Colleges and university programs in Hawai'i participate in the revitalization of Hawaiian language and culture. An example available in this presentation comes from Hawai'i Community College in Hilo, Hawai'i, where a program in traditional hula, Hālau Hula, emphasizes learning Hawaiian language, as well as dance, chants, and songs. Students and teachers of this program formed the group Unukupukupu, which performed at the Library of Congress in 2012, demonstrating their commitment to the revitalization of their culture through hula.
- 1. The United States Government spells "Hawaii" without the apostrophe, or 'okina, that indicates a stopped breath (glottal stop) in Hawaiian pronunciation. The 'okina is a consonant in Hawaiian. The spelling with the apostrophe is preferred by Hawaiians, and is the official spelling used by the State of Hawai'i. The National Park Service now also accepts this spelling. The Library of Congress subject headings still use "Hawaii," so searching for items in this collection requires the spelling without the 'okina. Also, because many items are cataloged with language subject headings, a search on "Hawaiian" will call up items not found using "Hawaii." [back to article]
- 2. Frank and Helen Louise Ferera recordings as an instrumental duet and recordings of them performing with various singers are available in this presentation. For a comparison, listen to the recording of David Nape's song "Pua Mōhala, performed by the Hawaiian Quintette in 1913 and the song as performed by the Fereras with non-Hawaiian singers Rene Dietrich and Horace Wright in 1916. [back to article]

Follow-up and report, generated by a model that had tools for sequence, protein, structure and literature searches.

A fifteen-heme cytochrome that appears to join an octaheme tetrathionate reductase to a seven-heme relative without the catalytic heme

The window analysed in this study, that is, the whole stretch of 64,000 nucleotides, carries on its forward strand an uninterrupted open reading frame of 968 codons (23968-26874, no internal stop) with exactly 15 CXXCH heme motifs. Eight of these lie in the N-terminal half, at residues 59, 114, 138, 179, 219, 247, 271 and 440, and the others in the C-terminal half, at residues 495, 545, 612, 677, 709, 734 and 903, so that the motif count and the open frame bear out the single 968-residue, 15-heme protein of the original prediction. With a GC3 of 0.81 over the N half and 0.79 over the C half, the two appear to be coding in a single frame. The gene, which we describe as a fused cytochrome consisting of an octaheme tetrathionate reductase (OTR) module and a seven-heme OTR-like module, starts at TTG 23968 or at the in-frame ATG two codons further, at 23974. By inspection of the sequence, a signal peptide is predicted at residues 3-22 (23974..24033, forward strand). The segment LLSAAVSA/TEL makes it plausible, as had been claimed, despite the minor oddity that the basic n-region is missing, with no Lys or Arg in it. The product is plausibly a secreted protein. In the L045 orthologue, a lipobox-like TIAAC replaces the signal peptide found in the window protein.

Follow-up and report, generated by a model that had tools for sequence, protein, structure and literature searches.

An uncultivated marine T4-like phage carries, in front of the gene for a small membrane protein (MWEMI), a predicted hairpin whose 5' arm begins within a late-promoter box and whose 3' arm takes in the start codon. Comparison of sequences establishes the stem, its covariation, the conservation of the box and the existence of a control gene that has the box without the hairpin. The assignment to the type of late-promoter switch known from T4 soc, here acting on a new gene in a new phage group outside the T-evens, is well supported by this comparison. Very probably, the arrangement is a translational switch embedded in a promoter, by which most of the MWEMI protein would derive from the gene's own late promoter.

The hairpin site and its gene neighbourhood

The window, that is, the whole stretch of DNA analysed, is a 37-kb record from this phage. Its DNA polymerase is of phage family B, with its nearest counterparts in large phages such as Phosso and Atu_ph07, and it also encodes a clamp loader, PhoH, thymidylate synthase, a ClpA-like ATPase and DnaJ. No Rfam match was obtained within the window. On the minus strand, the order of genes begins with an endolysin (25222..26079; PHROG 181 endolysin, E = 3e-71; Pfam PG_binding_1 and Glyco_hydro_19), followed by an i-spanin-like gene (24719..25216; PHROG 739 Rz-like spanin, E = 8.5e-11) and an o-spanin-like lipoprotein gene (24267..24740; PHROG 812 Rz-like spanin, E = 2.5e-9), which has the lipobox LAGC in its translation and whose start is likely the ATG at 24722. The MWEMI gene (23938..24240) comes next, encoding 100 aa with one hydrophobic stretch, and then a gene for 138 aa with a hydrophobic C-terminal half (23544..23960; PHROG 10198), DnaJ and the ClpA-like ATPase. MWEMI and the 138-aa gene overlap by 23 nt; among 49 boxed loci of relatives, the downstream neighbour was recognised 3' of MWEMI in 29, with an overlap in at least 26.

- 3. For another early recording of "Aloha oe" sung by Hawaiians, listen to this version sung by the Hawaiian Quintette in 1913. [back to article]
- 4. For an example of slide blues guitar, view the concert, "James 'Super Chikan' Johnson and Richard Christman — Blues Guitar from Mississippi," in performance at the Library of Congress in 2006. [back to article]
- 5. For an example of slide steel guitar in Gospel song, view the concert, "Aubrey Ghent and Friends — Sacred Lap Steel Guitar," at the Library of Congress, 2007. [back to article]
- 6. Houseman, Alohalani, Kaulana Dameg, and Maehlani Kobashigawa of the University of Hawai'i at Hilo; and James Dean Brown University of Hawai'i at Mānoa. "Report on the Hawaiian Oral Language Assessment, (H-OLA) Development Project," Second Language Studies, 29(2), Spring 2011, p. 3. [back to article]
- American Indian and Native Alaskan Song. See the Resource section at the bottom of this article for links to more articles about indigenous peoples in Songs of America.
- King, Charles Edward (1916). King's Book of Hawaiian Melodies. Published by Charles E. King. This book exists in many reprints and also available as a download from various websites.
- Liliu'okalani, Queen of Hawaii, 1898. Hawaii's Story by Hawaii's Queen. Lee and Shepard. Available online from various sources and in print from Mutual Publishing (1991).
- Liliu'okalani, Queen of Hawaii, 1999. The Queen's Songbook. Liliuokalani Trust.